UK's biggest firms will have to justify pay gap between bosses and their workers

11 June 2018

Under new laws being laid in Parliament today (11 June 2018), UK listed companies with more than 250 UK employees will have to disclose their chief executives’ salaries and reveal the gap to their average UK worker - known as ‘pay ratios’ - every year.

These new regulations are part of a package of Corporate Governance reforms which will hold big businesses to account for the salaries they pay, while giving employees a greater voice in the boardroom.

For the first time ever, listed companies will legally be required to annually publish and justify pay difference between chief executives and their staff. This follows concerns that some chief executives have been receiving salaries that are out-of-step with company performance.

Reporting is part of the government’s modern Industrial Strategy which is helping ensure the UK remains a world-leading place to invest and do business.

 

Business Secretary Greg Clark said:

“One of Britain’s biggest assets in competing in the global economy is our deserved reputation for being a dependable and confident place in which to do business.

Most of the UK’s largest companies get their business practices right but we understand the anger of workers and shareholders when bosses’ pay is out of step with company performance.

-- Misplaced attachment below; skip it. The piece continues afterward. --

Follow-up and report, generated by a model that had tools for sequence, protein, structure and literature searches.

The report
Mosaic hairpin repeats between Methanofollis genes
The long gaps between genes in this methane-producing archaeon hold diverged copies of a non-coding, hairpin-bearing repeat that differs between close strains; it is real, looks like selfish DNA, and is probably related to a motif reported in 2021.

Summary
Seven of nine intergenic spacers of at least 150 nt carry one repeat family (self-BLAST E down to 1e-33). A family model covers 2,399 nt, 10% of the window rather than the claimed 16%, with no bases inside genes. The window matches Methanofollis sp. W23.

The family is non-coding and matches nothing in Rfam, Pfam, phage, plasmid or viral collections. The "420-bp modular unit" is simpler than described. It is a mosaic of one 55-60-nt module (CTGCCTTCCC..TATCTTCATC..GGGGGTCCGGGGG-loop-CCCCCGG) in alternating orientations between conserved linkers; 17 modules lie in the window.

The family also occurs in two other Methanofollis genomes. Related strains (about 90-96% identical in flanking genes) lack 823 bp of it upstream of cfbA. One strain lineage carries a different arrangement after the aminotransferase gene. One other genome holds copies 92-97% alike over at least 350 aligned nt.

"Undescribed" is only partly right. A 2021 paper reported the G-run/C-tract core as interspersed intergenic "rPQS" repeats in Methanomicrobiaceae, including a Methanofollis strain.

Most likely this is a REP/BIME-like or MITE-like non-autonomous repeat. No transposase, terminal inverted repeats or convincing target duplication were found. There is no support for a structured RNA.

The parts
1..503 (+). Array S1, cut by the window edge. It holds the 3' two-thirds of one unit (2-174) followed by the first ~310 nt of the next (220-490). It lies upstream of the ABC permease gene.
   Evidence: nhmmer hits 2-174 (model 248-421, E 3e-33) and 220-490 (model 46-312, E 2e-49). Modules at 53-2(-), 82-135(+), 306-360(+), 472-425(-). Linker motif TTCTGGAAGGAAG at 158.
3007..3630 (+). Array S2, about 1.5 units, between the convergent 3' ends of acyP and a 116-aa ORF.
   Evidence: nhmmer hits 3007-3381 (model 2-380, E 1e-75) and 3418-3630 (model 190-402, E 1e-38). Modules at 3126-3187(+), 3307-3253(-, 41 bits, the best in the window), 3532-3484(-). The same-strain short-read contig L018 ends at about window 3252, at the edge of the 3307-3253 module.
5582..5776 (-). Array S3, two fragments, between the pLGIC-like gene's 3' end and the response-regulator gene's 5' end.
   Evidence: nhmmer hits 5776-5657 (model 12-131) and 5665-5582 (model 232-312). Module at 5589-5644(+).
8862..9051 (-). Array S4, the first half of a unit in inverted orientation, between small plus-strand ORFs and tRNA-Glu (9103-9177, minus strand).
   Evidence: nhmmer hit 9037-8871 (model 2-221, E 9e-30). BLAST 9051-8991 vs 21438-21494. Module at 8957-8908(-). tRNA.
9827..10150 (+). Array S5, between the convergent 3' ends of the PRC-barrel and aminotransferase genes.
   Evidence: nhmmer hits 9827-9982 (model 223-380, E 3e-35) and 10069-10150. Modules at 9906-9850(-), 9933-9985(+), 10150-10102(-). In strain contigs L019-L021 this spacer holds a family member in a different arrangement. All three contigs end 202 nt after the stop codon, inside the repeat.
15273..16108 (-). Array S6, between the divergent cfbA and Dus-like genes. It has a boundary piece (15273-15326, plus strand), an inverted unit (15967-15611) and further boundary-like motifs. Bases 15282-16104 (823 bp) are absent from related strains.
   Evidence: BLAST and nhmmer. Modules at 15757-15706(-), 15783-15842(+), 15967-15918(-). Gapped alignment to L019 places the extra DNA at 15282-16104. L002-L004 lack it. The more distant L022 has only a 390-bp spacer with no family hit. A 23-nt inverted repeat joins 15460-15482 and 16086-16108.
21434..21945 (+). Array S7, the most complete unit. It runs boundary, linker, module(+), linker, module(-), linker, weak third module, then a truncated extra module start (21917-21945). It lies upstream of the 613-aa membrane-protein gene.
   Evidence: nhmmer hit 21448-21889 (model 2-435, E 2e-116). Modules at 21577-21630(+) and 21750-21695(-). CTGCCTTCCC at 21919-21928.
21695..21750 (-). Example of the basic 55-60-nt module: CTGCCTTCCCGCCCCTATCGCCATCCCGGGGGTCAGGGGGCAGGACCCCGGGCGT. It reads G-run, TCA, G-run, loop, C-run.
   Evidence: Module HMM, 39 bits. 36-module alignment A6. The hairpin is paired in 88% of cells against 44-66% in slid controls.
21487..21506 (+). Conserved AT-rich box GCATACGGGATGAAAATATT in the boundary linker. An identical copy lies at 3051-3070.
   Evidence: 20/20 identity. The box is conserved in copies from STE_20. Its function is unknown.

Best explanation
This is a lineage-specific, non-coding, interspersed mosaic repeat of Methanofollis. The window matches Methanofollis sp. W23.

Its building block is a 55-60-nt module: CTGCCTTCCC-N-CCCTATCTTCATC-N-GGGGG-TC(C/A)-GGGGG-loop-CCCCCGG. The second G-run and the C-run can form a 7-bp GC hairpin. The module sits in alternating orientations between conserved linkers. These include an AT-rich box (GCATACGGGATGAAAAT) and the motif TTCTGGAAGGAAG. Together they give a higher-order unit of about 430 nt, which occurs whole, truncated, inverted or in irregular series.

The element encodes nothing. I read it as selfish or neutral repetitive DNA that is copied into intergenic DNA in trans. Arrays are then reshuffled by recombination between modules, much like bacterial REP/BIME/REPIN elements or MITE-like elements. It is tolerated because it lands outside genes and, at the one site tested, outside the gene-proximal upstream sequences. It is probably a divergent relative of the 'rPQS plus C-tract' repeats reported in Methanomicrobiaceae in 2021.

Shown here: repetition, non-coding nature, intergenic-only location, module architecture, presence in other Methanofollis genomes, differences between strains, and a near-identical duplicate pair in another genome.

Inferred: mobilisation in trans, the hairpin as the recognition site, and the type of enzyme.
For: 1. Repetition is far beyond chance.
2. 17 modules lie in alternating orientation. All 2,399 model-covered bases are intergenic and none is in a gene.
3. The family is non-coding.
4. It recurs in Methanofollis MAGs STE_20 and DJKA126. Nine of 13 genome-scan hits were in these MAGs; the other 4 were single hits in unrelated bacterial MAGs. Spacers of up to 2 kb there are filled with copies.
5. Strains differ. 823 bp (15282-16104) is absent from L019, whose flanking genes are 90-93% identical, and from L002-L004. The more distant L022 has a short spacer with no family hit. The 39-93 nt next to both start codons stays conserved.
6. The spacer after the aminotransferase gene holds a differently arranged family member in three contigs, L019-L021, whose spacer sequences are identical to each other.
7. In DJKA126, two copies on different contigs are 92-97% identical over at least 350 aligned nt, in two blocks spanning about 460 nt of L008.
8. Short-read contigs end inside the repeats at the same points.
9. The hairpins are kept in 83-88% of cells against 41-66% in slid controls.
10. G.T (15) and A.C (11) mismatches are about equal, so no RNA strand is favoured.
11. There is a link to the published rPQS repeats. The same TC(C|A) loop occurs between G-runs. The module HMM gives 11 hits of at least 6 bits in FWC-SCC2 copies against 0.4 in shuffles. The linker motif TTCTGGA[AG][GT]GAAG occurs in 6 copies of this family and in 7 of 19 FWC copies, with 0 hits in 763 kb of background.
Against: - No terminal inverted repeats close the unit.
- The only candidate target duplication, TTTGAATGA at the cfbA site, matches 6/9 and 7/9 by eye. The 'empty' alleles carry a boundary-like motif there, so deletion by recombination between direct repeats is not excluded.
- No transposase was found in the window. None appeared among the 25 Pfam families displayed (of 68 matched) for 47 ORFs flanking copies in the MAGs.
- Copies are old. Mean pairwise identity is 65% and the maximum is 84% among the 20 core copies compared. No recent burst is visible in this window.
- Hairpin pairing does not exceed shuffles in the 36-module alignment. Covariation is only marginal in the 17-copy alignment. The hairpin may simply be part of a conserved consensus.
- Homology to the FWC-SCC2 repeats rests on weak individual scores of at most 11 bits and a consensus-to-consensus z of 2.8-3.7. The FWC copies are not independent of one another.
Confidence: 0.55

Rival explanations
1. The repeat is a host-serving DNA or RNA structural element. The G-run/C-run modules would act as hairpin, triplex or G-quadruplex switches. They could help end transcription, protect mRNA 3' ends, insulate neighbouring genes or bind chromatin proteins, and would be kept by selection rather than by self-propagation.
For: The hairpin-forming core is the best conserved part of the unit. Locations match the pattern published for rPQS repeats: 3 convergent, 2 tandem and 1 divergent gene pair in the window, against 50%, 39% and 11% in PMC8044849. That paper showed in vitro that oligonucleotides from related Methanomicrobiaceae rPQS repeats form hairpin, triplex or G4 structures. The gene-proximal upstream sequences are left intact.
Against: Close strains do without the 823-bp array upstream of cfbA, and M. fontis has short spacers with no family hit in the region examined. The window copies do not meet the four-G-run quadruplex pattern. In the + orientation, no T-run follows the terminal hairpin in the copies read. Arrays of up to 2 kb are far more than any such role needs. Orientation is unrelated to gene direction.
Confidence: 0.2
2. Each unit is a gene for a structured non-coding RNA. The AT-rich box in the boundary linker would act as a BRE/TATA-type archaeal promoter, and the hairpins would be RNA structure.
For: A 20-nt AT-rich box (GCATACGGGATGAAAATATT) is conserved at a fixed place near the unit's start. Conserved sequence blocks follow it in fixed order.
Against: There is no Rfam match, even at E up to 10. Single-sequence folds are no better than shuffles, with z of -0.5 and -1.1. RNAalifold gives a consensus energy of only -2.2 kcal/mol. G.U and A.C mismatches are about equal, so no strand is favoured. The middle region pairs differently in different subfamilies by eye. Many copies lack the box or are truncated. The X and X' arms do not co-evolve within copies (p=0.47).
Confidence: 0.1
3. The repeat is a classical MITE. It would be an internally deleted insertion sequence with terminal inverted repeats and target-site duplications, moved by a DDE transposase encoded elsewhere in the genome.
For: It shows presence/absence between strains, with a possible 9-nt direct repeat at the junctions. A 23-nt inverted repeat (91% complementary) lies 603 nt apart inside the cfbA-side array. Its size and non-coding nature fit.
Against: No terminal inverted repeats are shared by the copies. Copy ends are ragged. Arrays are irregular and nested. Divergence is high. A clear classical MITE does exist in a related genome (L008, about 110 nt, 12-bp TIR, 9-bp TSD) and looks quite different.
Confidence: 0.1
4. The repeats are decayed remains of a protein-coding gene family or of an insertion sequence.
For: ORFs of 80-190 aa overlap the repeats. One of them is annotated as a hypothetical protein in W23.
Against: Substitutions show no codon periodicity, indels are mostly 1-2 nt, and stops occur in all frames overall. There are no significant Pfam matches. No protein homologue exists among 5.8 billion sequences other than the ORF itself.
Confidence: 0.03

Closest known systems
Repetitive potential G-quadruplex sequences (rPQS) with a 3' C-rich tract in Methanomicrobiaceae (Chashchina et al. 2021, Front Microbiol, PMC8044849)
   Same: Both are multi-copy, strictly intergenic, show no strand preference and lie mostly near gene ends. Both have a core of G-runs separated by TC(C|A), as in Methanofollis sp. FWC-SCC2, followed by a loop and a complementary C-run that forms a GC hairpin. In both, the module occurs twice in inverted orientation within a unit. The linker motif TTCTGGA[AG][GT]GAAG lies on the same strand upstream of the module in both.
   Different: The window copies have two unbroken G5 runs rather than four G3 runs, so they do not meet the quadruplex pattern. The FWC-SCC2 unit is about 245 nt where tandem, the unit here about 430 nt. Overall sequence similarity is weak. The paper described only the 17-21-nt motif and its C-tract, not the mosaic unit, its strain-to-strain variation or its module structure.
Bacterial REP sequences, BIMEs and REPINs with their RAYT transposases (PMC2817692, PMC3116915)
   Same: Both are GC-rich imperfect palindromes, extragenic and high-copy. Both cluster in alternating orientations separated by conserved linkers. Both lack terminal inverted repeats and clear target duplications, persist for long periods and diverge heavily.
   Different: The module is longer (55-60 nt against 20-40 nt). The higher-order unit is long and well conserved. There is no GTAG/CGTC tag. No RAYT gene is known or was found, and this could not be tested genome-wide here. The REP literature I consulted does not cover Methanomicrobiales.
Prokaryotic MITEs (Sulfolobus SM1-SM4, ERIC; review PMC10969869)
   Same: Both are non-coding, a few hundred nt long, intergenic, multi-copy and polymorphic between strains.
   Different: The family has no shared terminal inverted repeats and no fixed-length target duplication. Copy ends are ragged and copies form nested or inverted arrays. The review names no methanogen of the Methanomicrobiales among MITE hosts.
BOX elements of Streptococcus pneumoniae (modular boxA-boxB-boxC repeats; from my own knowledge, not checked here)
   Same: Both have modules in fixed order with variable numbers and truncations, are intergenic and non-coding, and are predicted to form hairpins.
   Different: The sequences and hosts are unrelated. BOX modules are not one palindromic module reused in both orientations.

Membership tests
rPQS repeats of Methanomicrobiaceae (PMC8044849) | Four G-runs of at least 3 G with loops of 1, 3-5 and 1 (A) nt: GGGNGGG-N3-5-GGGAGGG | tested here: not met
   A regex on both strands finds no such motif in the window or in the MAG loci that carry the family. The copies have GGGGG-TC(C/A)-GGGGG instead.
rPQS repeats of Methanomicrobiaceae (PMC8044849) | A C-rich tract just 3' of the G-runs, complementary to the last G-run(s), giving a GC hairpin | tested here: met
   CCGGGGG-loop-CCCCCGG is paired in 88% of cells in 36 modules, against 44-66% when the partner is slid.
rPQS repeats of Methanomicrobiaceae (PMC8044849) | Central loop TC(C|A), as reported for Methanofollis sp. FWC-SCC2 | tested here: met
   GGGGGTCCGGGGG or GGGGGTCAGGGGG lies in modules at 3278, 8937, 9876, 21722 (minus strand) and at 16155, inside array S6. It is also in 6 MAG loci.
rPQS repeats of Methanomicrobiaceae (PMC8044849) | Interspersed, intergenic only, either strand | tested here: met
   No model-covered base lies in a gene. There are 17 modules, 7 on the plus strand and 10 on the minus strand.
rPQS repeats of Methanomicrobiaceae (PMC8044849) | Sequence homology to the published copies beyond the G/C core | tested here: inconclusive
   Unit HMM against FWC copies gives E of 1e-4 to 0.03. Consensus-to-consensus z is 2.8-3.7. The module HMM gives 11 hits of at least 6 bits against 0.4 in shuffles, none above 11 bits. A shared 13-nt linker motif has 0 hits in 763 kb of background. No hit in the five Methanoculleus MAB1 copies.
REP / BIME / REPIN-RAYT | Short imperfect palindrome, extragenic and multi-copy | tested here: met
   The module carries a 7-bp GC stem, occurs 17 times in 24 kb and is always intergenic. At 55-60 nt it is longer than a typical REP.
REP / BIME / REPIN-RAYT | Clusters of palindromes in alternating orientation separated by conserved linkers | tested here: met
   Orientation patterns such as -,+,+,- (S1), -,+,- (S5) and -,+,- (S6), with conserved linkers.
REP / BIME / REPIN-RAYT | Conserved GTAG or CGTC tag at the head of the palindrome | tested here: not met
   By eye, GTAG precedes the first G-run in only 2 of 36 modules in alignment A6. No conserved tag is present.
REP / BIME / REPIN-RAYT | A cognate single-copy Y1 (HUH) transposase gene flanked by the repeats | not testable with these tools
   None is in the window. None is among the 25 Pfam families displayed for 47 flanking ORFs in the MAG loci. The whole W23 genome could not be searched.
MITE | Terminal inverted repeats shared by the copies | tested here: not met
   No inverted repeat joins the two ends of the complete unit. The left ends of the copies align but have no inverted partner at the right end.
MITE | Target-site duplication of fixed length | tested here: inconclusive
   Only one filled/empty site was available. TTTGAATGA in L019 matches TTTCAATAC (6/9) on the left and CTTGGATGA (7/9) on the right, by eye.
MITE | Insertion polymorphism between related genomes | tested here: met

Requiring large companies to publish their pay gaps will build on that reputation by improving transparency and boosting accountability at the highest levels, while helping build a fairer economy that works for everyone.

The new regulations form a core part of the government’s modern Industrial Strategy which aims to build on the UK’s strong reputation and make sure our largest companies are more transparent and accountable to their employees and shareholders.”

 

In addition to the reporting of pay ratios, the news laws will also:

  • require all large companies to report on how their directors take employee and other stakeholder interests into account

  • require large private companies to report on their responsible business arrangements

  • require listed companies to show what effect an increase in share prices will have on executive pay to inform shareholders when voting on long-term incentive plans.